The Duncan Banner
If Lake Humphreys or Waurika Lake drop below 40 percent of their conservation pools, the City of Duncan will enter Stage 4 water rationing, the city’s public works director said Wednesday.
Waurika Lake already is close to that level at 41.36 percent.
Scott Vaughn, public works director for the City of Duncan, expects that situation to worsen.
“I do anticipate Waurika will continue its downward trend unless we get significant precipitation,” Vaughn said.
Lake Humphreys has dropped to 47 percent of its conservation pool and Lake Fuqua is down to 46 percent.
If Duncan reaches the Stage 4 rationing level, all outdoor water use will be prohibited, with few exceptions.
The City of Duncan entered Stage 3 water rationing in September after Fuqua and Humphreys dropped to 50 percent of their conservation pools.
Stage 3 water rationing limits outdoor water usage to 11 a.m. to 3 p.m. Wednesdays and Saturdays.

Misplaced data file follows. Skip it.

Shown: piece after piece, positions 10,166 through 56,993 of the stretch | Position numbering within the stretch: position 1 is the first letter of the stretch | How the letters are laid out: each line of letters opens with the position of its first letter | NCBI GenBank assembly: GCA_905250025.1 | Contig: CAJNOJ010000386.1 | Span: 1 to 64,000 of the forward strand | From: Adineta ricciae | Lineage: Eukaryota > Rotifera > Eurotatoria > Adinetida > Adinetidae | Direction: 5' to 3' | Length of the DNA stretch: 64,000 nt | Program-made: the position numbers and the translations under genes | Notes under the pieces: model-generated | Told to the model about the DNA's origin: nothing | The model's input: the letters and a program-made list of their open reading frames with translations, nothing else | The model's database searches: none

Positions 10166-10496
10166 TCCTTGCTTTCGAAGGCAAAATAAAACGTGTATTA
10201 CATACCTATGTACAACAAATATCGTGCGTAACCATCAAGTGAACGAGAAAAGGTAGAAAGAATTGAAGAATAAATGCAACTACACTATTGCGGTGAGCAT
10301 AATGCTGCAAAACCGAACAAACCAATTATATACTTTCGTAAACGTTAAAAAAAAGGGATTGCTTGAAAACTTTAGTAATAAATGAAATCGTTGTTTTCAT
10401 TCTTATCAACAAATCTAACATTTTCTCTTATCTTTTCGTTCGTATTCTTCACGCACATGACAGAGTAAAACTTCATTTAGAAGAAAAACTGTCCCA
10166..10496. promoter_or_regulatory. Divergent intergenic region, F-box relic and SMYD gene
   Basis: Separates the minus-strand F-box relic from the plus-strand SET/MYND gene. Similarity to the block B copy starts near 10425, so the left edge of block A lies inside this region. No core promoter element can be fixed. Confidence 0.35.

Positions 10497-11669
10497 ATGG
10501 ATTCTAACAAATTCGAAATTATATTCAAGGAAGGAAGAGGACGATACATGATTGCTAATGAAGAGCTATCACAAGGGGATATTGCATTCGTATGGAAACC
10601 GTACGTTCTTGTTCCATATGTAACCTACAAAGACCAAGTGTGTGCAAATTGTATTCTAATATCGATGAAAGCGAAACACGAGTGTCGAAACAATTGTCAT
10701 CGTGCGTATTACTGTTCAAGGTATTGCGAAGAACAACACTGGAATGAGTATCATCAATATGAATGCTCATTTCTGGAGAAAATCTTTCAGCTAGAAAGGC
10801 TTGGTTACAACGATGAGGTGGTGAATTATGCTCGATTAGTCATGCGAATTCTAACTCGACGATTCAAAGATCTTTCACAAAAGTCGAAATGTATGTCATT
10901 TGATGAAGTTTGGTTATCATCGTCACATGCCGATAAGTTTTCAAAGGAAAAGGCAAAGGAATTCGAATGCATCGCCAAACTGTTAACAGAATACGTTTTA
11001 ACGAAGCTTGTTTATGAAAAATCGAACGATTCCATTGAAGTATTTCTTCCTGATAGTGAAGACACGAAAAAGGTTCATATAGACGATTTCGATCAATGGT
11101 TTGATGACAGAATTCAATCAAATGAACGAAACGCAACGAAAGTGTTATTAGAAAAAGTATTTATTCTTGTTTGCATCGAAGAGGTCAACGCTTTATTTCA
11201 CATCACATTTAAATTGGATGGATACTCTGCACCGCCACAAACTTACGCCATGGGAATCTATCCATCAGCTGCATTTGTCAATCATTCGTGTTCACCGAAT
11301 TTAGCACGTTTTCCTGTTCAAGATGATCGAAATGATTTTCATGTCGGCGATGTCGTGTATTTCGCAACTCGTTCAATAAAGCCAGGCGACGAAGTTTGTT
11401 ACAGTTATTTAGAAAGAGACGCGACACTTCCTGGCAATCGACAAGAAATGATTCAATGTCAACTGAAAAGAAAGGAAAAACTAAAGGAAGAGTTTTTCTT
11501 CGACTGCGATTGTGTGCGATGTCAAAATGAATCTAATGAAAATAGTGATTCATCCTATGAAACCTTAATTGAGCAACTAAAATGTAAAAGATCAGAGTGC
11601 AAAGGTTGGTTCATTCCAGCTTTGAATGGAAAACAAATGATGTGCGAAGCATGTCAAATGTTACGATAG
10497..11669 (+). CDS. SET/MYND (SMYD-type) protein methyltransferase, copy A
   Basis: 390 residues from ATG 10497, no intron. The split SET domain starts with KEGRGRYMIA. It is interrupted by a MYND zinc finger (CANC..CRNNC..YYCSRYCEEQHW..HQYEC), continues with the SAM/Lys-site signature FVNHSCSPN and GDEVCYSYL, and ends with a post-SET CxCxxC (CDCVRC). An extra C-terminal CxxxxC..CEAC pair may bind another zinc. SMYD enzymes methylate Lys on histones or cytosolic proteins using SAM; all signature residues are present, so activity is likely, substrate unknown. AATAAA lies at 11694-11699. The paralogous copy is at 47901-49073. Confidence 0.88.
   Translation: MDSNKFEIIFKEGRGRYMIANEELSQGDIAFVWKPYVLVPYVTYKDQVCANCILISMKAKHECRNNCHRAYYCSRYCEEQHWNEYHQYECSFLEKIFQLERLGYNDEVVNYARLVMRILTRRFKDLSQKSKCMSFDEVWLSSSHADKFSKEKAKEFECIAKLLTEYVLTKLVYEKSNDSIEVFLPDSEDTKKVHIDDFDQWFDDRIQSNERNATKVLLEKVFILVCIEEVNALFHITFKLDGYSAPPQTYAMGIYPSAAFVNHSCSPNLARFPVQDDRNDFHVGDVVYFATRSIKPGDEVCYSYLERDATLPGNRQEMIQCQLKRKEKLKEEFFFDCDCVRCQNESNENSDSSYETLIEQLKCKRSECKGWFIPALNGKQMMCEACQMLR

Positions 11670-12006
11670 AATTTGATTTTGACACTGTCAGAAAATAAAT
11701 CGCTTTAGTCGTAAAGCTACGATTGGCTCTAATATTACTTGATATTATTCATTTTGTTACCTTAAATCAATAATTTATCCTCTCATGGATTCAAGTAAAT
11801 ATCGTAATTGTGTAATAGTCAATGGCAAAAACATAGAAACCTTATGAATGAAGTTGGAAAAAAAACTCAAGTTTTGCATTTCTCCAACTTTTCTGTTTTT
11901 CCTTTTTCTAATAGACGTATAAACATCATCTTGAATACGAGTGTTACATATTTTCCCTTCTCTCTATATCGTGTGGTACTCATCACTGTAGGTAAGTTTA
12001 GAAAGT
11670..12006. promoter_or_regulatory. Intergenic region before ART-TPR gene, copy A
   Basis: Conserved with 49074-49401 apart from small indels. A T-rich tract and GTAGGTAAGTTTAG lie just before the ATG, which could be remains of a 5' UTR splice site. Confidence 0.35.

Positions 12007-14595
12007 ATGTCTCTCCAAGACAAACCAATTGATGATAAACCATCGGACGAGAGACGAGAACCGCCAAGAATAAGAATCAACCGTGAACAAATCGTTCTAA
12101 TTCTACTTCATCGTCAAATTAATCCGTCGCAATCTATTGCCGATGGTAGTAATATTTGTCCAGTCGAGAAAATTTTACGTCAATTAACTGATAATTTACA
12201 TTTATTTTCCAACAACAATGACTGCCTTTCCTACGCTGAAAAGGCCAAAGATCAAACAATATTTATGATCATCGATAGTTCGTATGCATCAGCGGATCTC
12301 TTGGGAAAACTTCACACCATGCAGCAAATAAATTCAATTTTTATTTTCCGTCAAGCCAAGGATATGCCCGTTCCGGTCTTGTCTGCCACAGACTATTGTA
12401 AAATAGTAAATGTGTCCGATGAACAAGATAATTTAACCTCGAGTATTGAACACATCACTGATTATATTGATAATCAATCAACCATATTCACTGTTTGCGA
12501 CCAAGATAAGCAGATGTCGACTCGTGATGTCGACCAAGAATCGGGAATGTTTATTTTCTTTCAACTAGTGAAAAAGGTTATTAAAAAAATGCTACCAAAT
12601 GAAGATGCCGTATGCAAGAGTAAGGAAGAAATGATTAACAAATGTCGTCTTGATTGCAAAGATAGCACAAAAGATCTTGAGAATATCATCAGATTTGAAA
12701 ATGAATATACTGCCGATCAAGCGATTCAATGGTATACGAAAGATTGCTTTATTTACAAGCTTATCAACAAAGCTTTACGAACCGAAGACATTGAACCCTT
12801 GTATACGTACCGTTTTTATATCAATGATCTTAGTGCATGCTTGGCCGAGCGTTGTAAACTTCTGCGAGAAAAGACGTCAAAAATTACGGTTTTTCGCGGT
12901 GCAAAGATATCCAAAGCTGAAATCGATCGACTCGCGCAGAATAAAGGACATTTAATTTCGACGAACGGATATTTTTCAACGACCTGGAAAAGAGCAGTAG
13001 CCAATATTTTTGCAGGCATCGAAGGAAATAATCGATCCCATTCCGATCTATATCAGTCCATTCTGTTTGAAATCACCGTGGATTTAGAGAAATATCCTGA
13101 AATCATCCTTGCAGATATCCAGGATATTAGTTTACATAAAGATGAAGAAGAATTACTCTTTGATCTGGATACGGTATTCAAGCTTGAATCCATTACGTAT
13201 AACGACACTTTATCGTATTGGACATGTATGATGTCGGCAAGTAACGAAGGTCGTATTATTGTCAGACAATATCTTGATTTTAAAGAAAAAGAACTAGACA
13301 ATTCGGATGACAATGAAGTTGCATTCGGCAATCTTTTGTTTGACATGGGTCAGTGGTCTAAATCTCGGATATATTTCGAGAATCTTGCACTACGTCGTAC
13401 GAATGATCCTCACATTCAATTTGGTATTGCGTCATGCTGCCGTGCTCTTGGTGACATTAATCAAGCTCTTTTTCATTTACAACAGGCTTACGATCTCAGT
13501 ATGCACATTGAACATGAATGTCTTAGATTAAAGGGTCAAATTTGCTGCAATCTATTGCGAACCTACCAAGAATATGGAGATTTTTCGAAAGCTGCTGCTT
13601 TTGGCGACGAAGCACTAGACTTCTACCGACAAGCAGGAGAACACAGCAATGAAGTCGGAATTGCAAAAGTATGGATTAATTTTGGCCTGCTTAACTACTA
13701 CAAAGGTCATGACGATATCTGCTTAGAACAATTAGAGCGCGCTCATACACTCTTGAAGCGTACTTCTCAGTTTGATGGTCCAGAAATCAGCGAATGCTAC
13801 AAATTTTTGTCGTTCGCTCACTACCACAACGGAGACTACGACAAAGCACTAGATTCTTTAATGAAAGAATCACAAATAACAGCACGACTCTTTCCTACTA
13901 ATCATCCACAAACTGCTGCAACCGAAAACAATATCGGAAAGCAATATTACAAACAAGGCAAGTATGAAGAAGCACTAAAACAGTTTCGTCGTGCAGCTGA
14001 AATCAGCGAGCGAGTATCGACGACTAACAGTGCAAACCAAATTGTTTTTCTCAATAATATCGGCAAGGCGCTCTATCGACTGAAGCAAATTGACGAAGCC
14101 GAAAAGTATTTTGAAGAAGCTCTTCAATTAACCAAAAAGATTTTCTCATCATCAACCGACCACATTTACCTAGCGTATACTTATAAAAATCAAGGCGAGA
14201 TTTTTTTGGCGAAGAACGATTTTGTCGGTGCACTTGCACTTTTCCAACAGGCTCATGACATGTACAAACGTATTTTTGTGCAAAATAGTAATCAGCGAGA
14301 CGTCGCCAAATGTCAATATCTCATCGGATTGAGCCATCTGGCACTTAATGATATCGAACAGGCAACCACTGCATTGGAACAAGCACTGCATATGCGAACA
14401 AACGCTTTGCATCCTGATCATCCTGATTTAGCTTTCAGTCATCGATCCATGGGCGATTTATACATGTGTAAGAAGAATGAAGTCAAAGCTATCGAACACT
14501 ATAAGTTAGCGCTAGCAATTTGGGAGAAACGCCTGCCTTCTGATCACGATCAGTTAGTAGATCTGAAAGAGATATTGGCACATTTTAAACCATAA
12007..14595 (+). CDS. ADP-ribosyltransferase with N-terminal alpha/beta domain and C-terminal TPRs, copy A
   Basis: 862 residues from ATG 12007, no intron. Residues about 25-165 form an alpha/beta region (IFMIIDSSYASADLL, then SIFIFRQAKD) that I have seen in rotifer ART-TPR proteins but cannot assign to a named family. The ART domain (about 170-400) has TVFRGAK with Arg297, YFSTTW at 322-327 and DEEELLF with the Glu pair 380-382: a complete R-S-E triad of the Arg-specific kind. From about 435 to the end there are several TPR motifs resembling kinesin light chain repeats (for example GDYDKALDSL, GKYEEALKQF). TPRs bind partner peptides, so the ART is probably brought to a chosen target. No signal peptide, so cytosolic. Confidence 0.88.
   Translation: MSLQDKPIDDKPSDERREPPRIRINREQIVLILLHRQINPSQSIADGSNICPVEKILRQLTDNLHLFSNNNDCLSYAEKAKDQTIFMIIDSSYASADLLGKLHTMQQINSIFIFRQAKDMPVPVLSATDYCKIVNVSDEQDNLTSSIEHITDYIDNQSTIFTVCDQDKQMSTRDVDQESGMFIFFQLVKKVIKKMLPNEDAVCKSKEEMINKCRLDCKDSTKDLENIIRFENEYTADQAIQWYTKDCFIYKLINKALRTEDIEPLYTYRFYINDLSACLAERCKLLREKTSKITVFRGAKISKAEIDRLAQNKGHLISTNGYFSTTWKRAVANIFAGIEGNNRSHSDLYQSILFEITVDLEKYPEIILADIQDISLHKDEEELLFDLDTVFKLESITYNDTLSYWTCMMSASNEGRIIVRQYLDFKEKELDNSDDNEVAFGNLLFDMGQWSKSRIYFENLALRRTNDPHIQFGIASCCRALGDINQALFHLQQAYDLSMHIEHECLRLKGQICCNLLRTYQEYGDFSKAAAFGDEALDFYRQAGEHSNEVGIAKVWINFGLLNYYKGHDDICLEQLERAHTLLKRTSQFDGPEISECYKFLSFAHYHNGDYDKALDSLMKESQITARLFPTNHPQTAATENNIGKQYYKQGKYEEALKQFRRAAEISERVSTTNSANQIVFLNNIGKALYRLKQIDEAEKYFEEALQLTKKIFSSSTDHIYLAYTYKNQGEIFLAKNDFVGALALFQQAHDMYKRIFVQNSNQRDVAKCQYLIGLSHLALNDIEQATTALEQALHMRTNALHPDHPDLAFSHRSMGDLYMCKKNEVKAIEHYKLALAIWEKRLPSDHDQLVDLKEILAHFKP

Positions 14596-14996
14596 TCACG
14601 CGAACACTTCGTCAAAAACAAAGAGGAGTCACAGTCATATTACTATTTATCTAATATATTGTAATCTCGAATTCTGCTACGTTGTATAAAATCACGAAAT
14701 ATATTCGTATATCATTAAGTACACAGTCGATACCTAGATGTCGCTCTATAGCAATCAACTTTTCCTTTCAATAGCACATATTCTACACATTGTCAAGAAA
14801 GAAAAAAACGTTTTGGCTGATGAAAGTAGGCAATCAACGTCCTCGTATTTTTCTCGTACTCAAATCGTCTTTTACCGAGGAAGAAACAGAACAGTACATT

On Saturday, those times will change to 9 p.m. to midnight Wednesdays and Saturdays. These new times will be maintained until November.
Waurika Lake level is 14-1/2 feet below normal.
“All the cities are well below their ‘fair share.’ It’s getting kind of emotional,” said Dave Taylor, chairman of the Waurika Lake Conservancy District.
“We need about 3.6 inches of runoff to build the lake back up.”
Waurika Lake Conservancy District is looking at ways to tap into more of the existing water at the lake, possibly by removing silt from the pump area.
He said there are several options being explored. The conservancy district board was given permission to finish engineering options at its meeting on Tuesday.
“We’re looking at trying to access that last bit of water,” Taylor said.
Increased rainfall is needed to offset the current drought conditions, but weather forecasts are not promising.
Conservation efforts will help but are not a solution, said Taylor.
“You can’t end a drought through conservation,” he said.